Last month, I sat down and decided to at the very least attempt to fix our XHCI (USB 3 host controller) bus driver. Issues with it have been the most significant problem users have been facing, as most hardware made post-2012 has an XHCI chip as the system’s primary USB chip, and most hardware made post-2014 (or so) has exclusively an XHCI chip and no EHCI (USB 2.0) or prior chipsets (which we do support very well.)[…]
Well, just under a month (and ~40 commits) later, virtually all those issues have been resolved. There’s a good bit of work that remains to be done, but at least all (!) the kernel panics are resolved, devices (largely) don’t lock up without an explanation (there are a few exceptions, but not many), performance is greatly improved (40MB/s with random 1-2s-long stalls, to 120MB/s on some USB3 flash drives and XHCI chipsets), and XHCI-attached keyboards can even be used in KDL!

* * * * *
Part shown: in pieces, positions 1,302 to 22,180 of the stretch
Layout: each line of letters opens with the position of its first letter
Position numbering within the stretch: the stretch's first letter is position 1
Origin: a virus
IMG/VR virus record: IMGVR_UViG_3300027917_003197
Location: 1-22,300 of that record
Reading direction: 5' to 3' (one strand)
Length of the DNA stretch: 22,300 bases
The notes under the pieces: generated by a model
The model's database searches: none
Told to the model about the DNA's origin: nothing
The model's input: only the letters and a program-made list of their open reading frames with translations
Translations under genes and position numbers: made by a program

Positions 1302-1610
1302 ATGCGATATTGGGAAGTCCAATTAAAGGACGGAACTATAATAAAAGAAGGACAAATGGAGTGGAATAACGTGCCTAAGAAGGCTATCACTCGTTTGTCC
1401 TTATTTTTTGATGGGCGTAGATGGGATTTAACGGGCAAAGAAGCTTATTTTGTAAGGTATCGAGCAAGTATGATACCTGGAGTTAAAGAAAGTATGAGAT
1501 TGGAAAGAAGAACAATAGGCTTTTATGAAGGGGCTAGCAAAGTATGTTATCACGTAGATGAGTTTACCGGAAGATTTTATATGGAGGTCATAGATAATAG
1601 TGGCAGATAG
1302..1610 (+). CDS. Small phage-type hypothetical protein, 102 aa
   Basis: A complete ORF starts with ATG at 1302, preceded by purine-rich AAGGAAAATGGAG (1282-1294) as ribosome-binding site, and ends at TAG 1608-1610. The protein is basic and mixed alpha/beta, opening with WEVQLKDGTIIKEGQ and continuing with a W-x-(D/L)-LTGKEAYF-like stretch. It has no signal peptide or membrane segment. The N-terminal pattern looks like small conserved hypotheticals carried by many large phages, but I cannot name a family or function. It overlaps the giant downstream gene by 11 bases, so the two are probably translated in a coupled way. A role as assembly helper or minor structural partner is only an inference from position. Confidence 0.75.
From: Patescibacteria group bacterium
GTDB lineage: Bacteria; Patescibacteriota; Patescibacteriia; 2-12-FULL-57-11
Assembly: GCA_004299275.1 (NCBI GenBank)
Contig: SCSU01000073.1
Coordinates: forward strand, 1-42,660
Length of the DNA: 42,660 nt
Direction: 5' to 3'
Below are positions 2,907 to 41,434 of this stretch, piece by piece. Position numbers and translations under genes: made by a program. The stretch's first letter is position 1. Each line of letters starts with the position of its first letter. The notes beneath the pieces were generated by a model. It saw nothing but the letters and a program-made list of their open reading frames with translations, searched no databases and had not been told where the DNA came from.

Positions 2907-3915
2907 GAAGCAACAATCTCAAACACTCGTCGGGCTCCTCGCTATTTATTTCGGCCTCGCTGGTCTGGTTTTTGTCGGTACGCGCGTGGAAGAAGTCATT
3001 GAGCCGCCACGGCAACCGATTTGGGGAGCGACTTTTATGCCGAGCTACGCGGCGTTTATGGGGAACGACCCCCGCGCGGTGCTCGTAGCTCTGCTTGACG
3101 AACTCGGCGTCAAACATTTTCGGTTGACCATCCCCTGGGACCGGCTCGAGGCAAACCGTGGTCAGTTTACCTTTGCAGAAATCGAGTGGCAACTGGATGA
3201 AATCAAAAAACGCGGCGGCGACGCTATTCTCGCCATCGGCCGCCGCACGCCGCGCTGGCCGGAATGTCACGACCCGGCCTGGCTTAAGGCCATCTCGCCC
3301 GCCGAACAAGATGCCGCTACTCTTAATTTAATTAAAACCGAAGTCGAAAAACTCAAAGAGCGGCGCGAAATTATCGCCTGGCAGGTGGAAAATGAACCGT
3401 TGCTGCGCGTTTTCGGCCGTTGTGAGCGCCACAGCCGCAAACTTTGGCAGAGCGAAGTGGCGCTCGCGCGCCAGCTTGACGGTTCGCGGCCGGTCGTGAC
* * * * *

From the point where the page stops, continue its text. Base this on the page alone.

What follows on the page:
This is a major step forward for Haiku. Interesting, too, that Haiku’s developers note that they hope Haiku’s driver can serve as a more useful reference to other operating system developers than the driver of Linux, FreeBSD, and OpenBSD, which are, according to them, “so badly organized that it’s often hard to tell exactly what is going on vs. what the spec says should happen”.